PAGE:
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NO2 and SO2 mixtures stimulate barley grain production but depress clover growth

Murray, F., Wilson, S. and Monk, R. (1992) NO2 and SO2 mixtures stimulate barley grain production but depress clover growth. Environmental and Experimental Botany, 32 (3). pp. 185-192.

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Cereals and legumes contrast sharply in their nitrogen metabolism. Nitrogen-fixing legumes have a ready source of nitrogen due to the activities of nitrogen-fixing bacteria, but cereals must meet their nitrogen requirements by direct root uptake from the soil. These differences in access to nitrogen may influence their responses to exposure to NO2 and SO2. To determine whether this occurs, the influences of SO2 and NO2 on growth,and yield of a cereal (barley) and a legume (clover) were studied. Plants were exposed to <5, 55, 149, 262 or 544 nl/l of SO2, and <5 or 170 nl/l of NO2 for 4 hr/day for 108 days in a factorial experiment using outdoor open-top chambers. NO2 halved plant dry weight in clover but under the same conditions, it increased plant dry weight in barley by increasing ear weight, and grain number and weight. However it decreased leaf total S concentration in both species, and grain protein concentration in barley. When barley or clover were exposed to SO2 alone, growth decreased as SO2 concentration increased. Large decreases occurred in total above-ground plant weight of both barley and clover, and ear number and weight, and grain number and weight of barley. In both species, SO2 resulted in a three-fold increase in the foliar S concentration until saturation at 149 nl/l. Barley grain protein concentration was also increased by SO2. In contrast to the effects of the gases applied separately, mixtures of NO2 and 55 or 149 nl/l of SO2 substantially increased barley grain production while having no significant effect on vegetative growth. SO2 concentrations of up to 149 nl/l modified growth of clover, decreasing shoot dry weight, but increasing shoot length. It was concluded that the differences observed between the responses of barley and clover to SO2 and NO2 mixtures are likely to be attributable to differences in their access to nitrogen. Increased grain production in barley exposed to mixtures of SO2 and NO2 appears to be a partial expression of a response involving the detoxification, allocation, transport, use and storage of SO2 and NO2 derivatives.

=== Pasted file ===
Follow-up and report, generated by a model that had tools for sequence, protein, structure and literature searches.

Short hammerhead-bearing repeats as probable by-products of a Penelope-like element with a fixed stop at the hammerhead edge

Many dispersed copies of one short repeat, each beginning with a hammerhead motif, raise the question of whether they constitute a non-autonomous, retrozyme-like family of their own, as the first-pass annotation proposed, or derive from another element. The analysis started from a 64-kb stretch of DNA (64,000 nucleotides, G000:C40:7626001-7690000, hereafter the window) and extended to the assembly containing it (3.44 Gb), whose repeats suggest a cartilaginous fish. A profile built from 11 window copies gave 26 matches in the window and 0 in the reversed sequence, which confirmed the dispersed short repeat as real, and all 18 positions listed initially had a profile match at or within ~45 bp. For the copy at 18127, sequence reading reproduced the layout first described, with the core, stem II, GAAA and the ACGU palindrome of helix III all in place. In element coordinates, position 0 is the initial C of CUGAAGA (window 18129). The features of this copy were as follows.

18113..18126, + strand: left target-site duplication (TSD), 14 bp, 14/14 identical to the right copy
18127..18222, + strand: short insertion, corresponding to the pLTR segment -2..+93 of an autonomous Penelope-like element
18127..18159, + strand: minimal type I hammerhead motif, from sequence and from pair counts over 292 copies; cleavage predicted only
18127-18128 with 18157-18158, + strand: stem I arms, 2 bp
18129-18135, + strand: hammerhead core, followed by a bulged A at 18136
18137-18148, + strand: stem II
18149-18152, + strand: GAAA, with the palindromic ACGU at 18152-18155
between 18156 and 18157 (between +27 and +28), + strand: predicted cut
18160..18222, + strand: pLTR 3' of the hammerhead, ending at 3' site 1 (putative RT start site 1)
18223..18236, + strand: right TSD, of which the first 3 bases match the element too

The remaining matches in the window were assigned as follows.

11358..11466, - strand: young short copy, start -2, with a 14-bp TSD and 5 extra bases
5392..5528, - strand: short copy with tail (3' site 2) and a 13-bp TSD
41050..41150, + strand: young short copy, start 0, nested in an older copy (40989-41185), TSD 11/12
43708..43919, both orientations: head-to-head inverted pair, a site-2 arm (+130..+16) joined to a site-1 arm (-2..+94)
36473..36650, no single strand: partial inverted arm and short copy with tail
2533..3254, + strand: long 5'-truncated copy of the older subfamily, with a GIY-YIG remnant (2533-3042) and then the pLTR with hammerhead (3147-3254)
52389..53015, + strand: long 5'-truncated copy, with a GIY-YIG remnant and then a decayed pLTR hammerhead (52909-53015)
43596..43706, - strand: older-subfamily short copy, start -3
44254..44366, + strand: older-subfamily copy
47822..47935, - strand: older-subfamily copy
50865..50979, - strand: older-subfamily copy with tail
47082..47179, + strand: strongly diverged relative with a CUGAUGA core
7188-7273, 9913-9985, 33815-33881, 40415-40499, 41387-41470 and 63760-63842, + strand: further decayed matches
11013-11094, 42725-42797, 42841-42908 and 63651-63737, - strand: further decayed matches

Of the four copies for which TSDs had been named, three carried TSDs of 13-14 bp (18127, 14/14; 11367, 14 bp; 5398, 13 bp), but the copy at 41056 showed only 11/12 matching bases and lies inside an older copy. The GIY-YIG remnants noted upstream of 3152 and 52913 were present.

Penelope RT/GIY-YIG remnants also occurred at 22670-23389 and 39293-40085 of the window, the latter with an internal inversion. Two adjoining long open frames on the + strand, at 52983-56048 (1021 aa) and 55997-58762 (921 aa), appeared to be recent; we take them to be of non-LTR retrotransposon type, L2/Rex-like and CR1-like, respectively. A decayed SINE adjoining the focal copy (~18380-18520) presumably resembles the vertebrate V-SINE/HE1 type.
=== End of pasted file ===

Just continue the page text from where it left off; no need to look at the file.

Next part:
Publication Type: Journal Article
Murdoch Affiliation: School of Biological and Environmental Sciences
Publisher: Elsevier
Copyright: © 1992 Elsevier B.V.
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